So, all the things we talked about training, to, you know, allow some cardiac drift and ride a little bit beyond that training, you know, below VT1 primarily, and not going too hard, too early in the season is actually paying off because we’re seeing improvements here. As we start to go up to some of the higher intensities, and you know, 100% of threshold, we see yeah, there’s some changes, we were actually in better shape around threshold last year, but this is the interesting thing, If we look at well, it’s it’s you know, the really the scenario last year, at this time, I was still doing more threshold, I was coaching more indoor cycling classes, we had a lot more of the intensity built in there, so that was a little bit hard to get away from, you know, and we see that, you know, around threshold yeah, was doing better last year, but we also heard Trevor say this many times, if you’re putting out your best efforts in January, that’s not a good indicator for a successful season coming up. So So yeah, this I’m okay with you know, but when I look at this and want to take away the big picture and say well good, how does this look overall? We’re focused on base work, we want to do a lot of aerobic, good, this is supporting that, everything else not to worry about right now.
Identifying Distributions in Heart Rate Zones
Ryan Kohler 05:02
So, then what we can do is take that back and use some of the other charts in here, and this is from January 2020. And this gives a really nice breakdown of your time in power and heart rate zones, and time and heart rate zones over here. And what it does is it quickly identifies sort of what your distribution looks like. So we can see here we have the popular polarized view, where it’s skewed very heavily to zones one and two, and we have a smaller amount here in zone five, very, very little almost non-existent time in zones three and four, this pyramid will break down, you can see the percentages here given, but it’s basically a lot of base work, but a decent amount of threshold and just a little bit of zone five or higher, we can see here a threshold style, of course, that threshold number is going to predominate, we have a high intensity approach with a little bit of bass, not too much, a little bit of threshold, but mostly high intensity, this just looks like it hurts. We have a bass approach, primarily zones one and two, we have very little time at threshold, and even less time at zone five and above. So, as we change our training, these distributions will update in real time, and this will essentially slide over back and forth to highlight what your distribution looks like. So when I look back on January 2020, I say, “Oh, yeah, pyramidal,” okay, well, there was a good amount of time spent at that tempo thresholds sweet spot, we can see here sweet spot was relatively high, so that would support this area, because we’re working in this, you know, 90 all the way up to roughly 98%, that’s a lot of time at threshold, and this is one of those areas that we can see it reflected.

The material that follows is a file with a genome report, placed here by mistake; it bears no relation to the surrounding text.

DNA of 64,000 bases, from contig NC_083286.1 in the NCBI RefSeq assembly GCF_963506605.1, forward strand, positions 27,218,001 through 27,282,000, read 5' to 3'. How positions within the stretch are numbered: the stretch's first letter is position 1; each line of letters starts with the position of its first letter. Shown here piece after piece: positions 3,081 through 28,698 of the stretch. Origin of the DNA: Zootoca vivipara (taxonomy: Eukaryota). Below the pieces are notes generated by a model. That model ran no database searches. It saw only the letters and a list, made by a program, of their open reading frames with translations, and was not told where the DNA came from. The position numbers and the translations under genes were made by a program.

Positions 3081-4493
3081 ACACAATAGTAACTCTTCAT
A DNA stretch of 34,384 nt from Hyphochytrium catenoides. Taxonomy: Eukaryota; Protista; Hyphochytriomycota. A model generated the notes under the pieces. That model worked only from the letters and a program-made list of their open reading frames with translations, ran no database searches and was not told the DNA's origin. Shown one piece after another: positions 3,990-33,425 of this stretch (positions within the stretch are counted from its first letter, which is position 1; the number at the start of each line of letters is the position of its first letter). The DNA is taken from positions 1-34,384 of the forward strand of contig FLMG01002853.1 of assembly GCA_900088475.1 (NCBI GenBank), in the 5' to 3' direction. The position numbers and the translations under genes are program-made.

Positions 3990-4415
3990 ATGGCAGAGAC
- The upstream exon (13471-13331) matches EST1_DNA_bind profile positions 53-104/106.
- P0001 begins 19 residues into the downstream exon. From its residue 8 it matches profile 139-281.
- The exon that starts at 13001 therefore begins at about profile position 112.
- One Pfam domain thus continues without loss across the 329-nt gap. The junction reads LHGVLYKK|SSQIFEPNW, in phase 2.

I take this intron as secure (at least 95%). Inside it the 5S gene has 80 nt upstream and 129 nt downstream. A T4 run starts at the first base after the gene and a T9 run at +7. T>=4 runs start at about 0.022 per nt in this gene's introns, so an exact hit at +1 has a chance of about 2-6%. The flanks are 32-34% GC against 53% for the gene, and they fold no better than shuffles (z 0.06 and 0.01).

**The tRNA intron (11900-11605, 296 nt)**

Using Data To Stay On Track With Base Focus
Ryan Kohler 06:51
Now if we shift gears and go to January of this year, very, very different. And I’ll just do a quick comparison, we have the pyramidal here that’s highlighted, we switch to 2021. Now we have the base highlighted, so this was much easier to achieve this with some focus base work and being very, very adamant about pulling out the threshold. So, we’ve slid over here, we see almost 90% of time spent in that base zone, compared to last year at you know 72%. So, if we go over here, we see what 51 minutes and sweet spot, and last year, we had four hours in sweet spot. So, we see very quickly, you know how those changes can impact our progress, you know, and we have to think about this as we go through, you know, block-to-block, month, however we measure that, you know, are we achieving these metrics and these goals from month to month? And are those ultimately leading us toward our long-term goals of a race and event or just our progress throughout the season? So, I really like this as a quick way to look and see okay, are we achieving this? So, every time a ride gets uploaded in here, this will adjust in real time, and I can quickly see all right, am I staying on track with this base focus? Great, let’s just keep running with that. Alright, so we’ve seen a lot of data here, and we can see comparisons from previous seasons to the season, and really just easily view what our distribution looks like, right? With each distribution, we’re going to have a certain adaptation that we’re looking for, so as you’re planning out your seasons, this is one tool that can be used to very quickly monitor your progress in real time, and even look at the big picture view. So hopefully this helps with your training and your metrics, and head on over to the forums at fasttalklabs.com for more.